FPF Releases Policy Brief Comparing Federal Child Privacy Bills

Future of Privacy Forum staff compare varied approaches of the four bills

As children’s privacy continues to be a top priority and area of interest among lawmakers, companies, and the public, the Future of Privacy Forum (FPF) today released a new policy brief that compares the child-centric privacy bills that have been introduced in the 117th Congress. The resource compares four proposed bills against each other (with additional comparisons to current law) on key elements including the age group they seek to protect, enforcement mechanisms, covered entities, notice requirements, verifiable consent, restrictions on the use of personal information (PI), and more.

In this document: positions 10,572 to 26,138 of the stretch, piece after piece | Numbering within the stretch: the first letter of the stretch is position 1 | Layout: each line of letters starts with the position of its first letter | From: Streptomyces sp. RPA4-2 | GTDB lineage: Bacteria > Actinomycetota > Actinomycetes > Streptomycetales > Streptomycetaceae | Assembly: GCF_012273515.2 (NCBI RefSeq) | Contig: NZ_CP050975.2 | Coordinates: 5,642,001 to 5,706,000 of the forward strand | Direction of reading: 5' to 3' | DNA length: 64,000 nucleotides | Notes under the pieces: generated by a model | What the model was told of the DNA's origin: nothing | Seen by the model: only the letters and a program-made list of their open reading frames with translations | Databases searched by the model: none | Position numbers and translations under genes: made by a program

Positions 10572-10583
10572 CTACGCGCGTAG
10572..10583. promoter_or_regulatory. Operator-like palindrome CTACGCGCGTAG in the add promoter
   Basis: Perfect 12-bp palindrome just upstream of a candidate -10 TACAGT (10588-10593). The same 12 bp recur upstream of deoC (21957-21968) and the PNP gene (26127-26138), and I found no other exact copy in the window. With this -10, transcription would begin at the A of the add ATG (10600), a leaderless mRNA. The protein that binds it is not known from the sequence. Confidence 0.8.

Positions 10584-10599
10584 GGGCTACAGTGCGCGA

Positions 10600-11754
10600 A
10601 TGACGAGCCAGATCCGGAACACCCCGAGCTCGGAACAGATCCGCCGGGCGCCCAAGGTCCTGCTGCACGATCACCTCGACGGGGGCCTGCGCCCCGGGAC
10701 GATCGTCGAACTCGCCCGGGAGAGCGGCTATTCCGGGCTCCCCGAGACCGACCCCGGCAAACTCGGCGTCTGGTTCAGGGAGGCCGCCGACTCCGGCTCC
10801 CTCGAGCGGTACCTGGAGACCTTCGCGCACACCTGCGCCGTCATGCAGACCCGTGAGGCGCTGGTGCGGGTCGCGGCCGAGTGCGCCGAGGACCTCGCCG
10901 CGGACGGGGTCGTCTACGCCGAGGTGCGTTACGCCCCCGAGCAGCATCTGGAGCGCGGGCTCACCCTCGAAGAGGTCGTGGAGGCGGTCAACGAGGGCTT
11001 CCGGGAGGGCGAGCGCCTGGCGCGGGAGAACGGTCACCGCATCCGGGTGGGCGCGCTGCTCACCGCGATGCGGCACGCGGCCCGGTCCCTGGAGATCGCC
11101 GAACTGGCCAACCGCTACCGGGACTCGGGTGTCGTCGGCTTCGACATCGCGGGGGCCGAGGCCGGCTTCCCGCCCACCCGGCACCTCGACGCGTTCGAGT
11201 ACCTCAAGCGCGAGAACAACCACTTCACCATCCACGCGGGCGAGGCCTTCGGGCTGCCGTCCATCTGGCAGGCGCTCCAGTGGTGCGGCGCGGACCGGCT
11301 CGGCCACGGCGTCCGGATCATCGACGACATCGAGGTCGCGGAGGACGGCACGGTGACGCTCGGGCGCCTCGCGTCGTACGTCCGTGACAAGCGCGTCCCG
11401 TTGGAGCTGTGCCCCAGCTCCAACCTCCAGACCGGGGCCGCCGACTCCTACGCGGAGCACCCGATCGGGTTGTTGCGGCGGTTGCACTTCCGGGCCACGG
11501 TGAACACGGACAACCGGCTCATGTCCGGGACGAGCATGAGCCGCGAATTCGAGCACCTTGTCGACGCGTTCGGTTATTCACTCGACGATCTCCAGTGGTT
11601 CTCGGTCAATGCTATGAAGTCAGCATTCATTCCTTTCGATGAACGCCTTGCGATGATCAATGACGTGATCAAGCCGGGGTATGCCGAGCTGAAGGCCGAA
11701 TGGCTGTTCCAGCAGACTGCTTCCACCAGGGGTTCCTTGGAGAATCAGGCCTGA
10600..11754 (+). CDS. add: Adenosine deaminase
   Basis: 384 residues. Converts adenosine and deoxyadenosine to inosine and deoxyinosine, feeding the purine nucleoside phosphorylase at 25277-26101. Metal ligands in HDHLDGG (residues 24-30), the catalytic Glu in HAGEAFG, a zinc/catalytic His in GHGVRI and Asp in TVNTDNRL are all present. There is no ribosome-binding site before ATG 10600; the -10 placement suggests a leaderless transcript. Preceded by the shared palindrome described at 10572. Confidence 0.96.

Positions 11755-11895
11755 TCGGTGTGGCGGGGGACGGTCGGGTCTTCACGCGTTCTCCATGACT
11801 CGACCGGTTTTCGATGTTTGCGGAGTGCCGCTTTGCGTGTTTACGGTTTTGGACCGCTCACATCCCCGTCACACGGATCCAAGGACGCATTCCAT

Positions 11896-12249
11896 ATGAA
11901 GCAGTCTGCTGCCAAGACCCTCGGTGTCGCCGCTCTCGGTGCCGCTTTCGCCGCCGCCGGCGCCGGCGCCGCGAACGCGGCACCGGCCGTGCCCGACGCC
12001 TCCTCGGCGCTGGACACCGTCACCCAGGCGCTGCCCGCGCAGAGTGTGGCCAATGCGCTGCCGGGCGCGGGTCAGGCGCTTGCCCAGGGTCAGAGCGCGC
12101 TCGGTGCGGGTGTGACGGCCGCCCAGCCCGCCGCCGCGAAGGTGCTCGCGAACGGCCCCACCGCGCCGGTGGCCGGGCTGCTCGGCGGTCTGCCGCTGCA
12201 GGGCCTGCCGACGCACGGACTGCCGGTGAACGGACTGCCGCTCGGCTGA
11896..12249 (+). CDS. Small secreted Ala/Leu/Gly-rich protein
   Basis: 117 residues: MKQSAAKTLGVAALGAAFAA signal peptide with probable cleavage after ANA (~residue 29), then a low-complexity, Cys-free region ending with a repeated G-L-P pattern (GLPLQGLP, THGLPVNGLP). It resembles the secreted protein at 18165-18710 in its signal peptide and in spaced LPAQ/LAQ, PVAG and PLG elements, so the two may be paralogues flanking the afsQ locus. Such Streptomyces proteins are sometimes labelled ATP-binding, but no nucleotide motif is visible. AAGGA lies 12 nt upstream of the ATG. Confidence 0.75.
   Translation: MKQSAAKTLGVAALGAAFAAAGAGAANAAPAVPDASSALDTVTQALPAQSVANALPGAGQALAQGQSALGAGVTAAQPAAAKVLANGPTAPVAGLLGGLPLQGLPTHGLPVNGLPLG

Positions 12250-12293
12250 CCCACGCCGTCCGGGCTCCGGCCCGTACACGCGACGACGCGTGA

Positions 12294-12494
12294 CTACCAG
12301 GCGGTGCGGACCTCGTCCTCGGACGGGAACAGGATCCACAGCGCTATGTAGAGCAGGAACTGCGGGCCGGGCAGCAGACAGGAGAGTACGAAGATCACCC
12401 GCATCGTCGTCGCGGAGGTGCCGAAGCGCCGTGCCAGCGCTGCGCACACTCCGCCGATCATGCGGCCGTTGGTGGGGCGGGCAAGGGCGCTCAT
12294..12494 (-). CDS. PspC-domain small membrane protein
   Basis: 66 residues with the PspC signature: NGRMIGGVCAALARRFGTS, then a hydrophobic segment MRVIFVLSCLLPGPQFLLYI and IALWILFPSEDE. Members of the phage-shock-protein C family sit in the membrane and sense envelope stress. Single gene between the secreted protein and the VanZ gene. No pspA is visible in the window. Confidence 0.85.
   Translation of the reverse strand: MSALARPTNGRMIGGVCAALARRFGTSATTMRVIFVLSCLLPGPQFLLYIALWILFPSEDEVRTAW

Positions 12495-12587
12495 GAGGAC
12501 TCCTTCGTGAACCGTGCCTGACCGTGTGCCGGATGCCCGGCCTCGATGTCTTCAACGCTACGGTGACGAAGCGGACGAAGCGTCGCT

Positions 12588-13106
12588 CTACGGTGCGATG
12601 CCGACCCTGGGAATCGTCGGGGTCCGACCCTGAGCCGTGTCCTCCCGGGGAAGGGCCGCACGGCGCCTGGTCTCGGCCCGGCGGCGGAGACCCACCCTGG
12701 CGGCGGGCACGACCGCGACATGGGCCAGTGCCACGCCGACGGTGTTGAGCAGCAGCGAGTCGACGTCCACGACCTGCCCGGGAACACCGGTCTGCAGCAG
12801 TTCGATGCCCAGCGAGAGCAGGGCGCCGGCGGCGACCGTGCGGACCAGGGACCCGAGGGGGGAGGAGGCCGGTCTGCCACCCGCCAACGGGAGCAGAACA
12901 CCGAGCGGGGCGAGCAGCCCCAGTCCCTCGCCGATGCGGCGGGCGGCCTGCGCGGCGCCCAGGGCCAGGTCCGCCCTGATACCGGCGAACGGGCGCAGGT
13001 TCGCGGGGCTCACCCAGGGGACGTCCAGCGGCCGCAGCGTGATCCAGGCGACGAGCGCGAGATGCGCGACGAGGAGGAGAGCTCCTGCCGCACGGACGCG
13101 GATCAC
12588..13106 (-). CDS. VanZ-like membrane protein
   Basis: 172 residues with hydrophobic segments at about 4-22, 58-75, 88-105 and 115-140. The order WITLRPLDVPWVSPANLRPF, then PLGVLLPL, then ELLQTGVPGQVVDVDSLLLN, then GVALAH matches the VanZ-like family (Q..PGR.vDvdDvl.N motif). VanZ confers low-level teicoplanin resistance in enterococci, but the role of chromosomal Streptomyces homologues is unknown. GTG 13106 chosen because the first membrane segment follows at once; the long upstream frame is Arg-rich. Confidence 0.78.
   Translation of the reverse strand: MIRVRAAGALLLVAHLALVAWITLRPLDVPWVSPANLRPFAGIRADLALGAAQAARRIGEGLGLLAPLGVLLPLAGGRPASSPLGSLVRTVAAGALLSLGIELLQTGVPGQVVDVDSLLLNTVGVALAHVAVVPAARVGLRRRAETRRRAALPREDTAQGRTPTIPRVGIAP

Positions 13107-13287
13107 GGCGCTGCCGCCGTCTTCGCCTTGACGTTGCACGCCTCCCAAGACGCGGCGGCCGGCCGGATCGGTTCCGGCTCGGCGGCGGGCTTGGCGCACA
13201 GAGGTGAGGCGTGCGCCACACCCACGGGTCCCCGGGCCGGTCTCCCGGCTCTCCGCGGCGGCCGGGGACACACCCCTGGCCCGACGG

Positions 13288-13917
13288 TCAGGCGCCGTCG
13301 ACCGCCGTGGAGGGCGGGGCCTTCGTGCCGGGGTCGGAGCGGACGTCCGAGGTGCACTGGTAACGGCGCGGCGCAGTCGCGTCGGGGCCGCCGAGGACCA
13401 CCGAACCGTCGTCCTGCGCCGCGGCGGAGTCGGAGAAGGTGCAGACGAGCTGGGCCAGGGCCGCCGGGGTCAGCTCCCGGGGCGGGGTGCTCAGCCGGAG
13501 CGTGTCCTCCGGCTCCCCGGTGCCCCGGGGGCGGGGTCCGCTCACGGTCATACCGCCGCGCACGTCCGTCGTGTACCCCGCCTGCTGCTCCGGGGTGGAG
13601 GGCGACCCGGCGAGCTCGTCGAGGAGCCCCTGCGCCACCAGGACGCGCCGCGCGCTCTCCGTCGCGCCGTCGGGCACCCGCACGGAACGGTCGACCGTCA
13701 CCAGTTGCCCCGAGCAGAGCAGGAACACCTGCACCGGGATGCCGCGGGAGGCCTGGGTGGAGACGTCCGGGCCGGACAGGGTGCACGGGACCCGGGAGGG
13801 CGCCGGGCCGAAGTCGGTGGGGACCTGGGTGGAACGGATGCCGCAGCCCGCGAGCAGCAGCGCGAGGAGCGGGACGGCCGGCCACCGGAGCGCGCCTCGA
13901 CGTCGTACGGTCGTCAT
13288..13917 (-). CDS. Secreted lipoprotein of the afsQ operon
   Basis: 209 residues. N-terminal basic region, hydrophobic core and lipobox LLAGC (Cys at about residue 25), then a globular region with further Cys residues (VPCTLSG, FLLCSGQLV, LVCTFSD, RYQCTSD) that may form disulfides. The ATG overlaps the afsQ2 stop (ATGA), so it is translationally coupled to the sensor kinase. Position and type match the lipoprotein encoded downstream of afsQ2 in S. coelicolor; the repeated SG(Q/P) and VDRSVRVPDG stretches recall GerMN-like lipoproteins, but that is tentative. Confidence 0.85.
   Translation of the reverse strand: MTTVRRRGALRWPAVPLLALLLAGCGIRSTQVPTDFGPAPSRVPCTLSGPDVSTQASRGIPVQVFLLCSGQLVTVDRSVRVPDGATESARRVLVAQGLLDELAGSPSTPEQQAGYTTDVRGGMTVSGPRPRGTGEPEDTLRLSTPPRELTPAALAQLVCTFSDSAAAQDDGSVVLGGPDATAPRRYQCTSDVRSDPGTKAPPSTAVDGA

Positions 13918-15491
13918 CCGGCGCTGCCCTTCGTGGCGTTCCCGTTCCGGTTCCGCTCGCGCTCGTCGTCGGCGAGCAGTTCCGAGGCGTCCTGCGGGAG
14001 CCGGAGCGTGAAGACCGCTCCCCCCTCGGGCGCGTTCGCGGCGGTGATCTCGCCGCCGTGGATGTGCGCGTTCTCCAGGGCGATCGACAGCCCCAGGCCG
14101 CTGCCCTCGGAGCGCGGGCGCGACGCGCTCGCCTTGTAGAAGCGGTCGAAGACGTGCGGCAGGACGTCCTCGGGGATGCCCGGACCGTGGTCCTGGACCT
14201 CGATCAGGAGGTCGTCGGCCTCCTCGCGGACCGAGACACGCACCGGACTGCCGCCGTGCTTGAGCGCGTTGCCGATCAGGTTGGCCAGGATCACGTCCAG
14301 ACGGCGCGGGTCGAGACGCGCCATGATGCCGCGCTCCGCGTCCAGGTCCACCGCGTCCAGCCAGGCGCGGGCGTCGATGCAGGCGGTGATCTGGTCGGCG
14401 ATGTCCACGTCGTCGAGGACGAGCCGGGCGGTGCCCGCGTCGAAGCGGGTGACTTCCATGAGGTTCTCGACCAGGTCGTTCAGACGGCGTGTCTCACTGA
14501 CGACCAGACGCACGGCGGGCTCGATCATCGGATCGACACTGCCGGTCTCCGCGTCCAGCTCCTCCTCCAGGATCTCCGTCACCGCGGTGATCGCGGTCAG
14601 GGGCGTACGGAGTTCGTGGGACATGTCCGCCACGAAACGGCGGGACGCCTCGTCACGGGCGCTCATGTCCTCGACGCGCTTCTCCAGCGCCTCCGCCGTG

Download the policy brief here.

“Child privacy continues to receive a lot of attention from policymakers, companies, regulators, and families. In recent months, we’ve seen the FTC, state legislatures, federal policymakers, and even the President of the United States signal an interest in enhancing the consumer privacy rights and online protections afforded to children,” said Lauren Merk, Youth & Education Privacy Policy Counsel at FPF. “The four bills outlined in this resource stand to impact the child privacy landscape in the US either by directly changing the law or influencing future legislation at the federal or state levels. Case in point, the recently released discussion draft of the American Data Privacy and Protection Act includes provisions that mirror sections from some of the child-specific privacy bills.” 

The four children’s privacy bills introduced in the 117th Congress are the Protecting the Information of our Vulnerable Children and

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